Tuesday, 11 March 2014
Secret Army Report Implicates NSA Azazi, Ibori, Alamieyeseigha, Henry And Sunny Okah In Sale Of Military Weapons To Niger Delta Militants
Saharareporters has obtained a secret report by the Nigerian Army implicating current National Security Adviser, Gen Andrew Azazi (rtd), former Governors James Ibori and DSP Alamieyeseigha, and former Director-General of the State Security Service, Lt. Col Kayode Are (rtd) in the massive diversion and sale of Nigerian army weaponry to Niger Delta militants.
SaharaReporters obtained the intelligence report one week after Sonny Bowie Okah denounced members of his family as “killers” and vowed to destroy them, and a few days after the State Security Services intercepted 13 container loads of arms being imported into Nigeria through the Lagos port.
Sonny Bowei Okah, a brother to Henry Okah, the leader of the Movement for the Emancipation of the Niger Delta currently facing terrorism charges in South Africa, is portrayed in the report as a central character in the deals. Also mentioned in the document are Major Gen R.O. Adekhegba, a former Director of the Directorate of Military Intelligence, Henry Okah himself, Major S.A. Akubo, a serving army officer, and ten soldiers who worked with the Nigerian Army Ordinance Corps.
The 35-page report, which is dated November 2007, is the product of an intensive investigation by the headquarters of the Nigerian Army Intelligence Corps following a tip-off by a soldier and a red flag by the SSS that army weapons were flowing from an ordinance depots in Kaduna and Jaji to militants.
Azazi, who was chief of army staff at the time, Adekhegba, former army intelligence chief, and Are, the then SSS director, reportedly covered up the matter. Ibori and Alamieyeseigha were named as having financed the arms deals.
The report, suppressed for long by the military hierarchy and the Federal Government, details in shocking detail how Sunny Okah funneled over N100 million to Major Akubo and the soldiers in exchange for over 7,000 cache of assorted arms and ammunition.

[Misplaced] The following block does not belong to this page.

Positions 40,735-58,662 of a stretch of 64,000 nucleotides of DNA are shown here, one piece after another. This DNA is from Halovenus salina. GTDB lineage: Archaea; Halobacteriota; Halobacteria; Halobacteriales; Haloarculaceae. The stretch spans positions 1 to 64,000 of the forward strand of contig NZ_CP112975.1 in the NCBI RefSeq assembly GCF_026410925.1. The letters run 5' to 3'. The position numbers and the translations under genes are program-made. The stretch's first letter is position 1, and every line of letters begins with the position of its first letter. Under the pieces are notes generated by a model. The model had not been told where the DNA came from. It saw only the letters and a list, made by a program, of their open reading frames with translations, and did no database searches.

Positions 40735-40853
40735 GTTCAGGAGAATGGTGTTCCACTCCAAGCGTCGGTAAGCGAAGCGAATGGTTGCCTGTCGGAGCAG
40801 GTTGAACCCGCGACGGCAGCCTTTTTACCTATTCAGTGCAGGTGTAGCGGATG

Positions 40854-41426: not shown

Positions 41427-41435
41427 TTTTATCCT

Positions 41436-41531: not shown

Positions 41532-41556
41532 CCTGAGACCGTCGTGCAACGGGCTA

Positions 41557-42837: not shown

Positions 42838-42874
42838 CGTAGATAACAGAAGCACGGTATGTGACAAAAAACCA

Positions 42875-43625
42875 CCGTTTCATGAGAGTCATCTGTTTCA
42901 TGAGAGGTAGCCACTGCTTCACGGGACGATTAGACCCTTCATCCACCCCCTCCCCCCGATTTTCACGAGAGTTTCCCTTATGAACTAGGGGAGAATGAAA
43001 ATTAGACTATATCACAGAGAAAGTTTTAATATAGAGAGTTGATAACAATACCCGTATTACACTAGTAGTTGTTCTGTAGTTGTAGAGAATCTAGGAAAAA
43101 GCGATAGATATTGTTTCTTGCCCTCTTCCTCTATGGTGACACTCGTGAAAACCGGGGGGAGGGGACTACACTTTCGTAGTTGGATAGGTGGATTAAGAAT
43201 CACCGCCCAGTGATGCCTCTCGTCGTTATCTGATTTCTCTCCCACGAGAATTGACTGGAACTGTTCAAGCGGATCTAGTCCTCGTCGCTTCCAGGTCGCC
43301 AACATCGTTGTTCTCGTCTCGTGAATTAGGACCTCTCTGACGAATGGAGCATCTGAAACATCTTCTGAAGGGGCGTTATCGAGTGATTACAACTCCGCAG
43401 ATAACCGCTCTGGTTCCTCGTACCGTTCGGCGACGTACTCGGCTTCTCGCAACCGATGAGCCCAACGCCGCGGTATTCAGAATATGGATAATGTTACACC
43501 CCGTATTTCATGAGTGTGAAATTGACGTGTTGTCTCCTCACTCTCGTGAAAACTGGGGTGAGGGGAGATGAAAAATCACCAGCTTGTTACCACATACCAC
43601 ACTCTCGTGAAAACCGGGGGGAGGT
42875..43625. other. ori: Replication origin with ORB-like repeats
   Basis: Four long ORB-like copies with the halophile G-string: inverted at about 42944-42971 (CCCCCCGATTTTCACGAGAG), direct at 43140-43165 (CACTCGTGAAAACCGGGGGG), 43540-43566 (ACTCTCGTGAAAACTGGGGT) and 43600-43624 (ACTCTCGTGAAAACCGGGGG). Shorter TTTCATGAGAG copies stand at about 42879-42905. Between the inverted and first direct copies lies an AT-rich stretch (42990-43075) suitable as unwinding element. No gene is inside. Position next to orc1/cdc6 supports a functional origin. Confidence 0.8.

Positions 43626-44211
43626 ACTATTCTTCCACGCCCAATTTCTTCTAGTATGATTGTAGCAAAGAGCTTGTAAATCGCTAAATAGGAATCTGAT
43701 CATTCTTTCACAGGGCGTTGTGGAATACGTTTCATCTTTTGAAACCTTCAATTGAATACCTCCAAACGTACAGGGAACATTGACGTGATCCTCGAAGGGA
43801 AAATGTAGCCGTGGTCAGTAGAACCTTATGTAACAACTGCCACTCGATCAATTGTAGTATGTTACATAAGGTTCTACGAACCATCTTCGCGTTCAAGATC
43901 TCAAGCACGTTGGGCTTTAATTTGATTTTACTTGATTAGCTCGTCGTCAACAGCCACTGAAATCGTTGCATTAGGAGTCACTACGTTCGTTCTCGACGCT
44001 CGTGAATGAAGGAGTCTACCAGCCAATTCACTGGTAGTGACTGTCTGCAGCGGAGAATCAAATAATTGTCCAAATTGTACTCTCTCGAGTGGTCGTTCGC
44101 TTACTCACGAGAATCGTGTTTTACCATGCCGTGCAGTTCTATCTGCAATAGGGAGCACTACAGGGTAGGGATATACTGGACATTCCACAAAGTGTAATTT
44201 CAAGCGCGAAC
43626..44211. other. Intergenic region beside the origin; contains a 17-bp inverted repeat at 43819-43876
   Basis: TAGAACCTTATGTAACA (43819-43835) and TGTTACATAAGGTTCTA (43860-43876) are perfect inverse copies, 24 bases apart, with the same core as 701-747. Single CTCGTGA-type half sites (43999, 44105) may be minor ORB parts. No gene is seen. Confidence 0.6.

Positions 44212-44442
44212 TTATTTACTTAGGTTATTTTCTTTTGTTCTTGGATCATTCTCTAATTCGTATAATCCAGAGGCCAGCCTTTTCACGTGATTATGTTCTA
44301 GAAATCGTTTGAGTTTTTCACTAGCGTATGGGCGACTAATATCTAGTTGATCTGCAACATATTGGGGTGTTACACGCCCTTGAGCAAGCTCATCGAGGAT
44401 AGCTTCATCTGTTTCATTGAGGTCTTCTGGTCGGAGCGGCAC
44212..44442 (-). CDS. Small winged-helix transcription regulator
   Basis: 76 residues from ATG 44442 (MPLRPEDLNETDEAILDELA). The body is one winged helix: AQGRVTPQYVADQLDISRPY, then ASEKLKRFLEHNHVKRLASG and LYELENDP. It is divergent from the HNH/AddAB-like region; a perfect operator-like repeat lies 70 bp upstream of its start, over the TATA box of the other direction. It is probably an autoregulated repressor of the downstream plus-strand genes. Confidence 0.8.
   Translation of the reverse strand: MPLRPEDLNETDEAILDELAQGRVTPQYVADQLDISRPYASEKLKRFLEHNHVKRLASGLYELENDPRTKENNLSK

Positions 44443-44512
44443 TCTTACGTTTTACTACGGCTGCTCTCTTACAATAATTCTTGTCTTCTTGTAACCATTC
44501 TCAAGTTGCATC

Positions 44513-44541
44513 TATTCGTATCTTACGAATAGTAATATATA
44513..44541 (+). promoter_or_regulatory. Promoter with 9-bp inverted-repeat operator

The report reveals that, within a seven-year period, Sonny Okah colluded with Major Akubo to move the weaponry. “They would surreptitiously drive Isuzu pick-up vans and sewage disposal trucks into ordinance depots in Jaji and Kaduna and then ferry out high-caliber and light weapons, even ammunitions,” said a source within the intelligence community who also had access to the report.
The report describes Sunny Okah as the major middleman between the soldiers and the militants, including his brother Henry.
“The amount of weapons stolen are enough to hold not just Port Harcourt hostage but the whole of Nigeria,” the report notes. “Should criminals decide to spread out to major cities of Nigeria with just a few of these weapons and cause chaos simultaneously, it is doubtful if we will not have a national state of emergency situation in our hands.”
The weapons include rocket launchers, UMGs, GPMGs, G3 and Mark IV rifles, Barretta rifles, AK 47 and bagfuls of ammunitions.
The investigation was triggered when a certain Private Zamanu Adamu who, while on guard at the ordinance depot in Jaji, Kaduna, in September 2007, reported that the seal on the depot had been broken and that some items had been removed.
In its investigation, the army intelligence corps interrogated Sunny Okah, Major Akubo and the soldiers who confessed to the crime. The investigators unearthed the fact that there was an earlier arms sale at 1 Ordinance Base in Kaduna. Major Akubo is named as the prime suspect in that deal.
Our investigation revealed that, rather than get to the bottom of the case and bring perpetrators to book, both the SSS and the Directorate of Military Intelligence engaged in official cover-ups. Azazi, Are and Adekhegba spearheaded the campaign to bury the report.
“It’s true that the SSS launched an investigation quite all right, and even got the army authorities to release the suspects – Major Akubo and the soldiers – to it for interrogation,” said an army source. He added that “the investigation was soon truncated and the suspects, including Sunny Okah, were released even after they confessed to the crime.”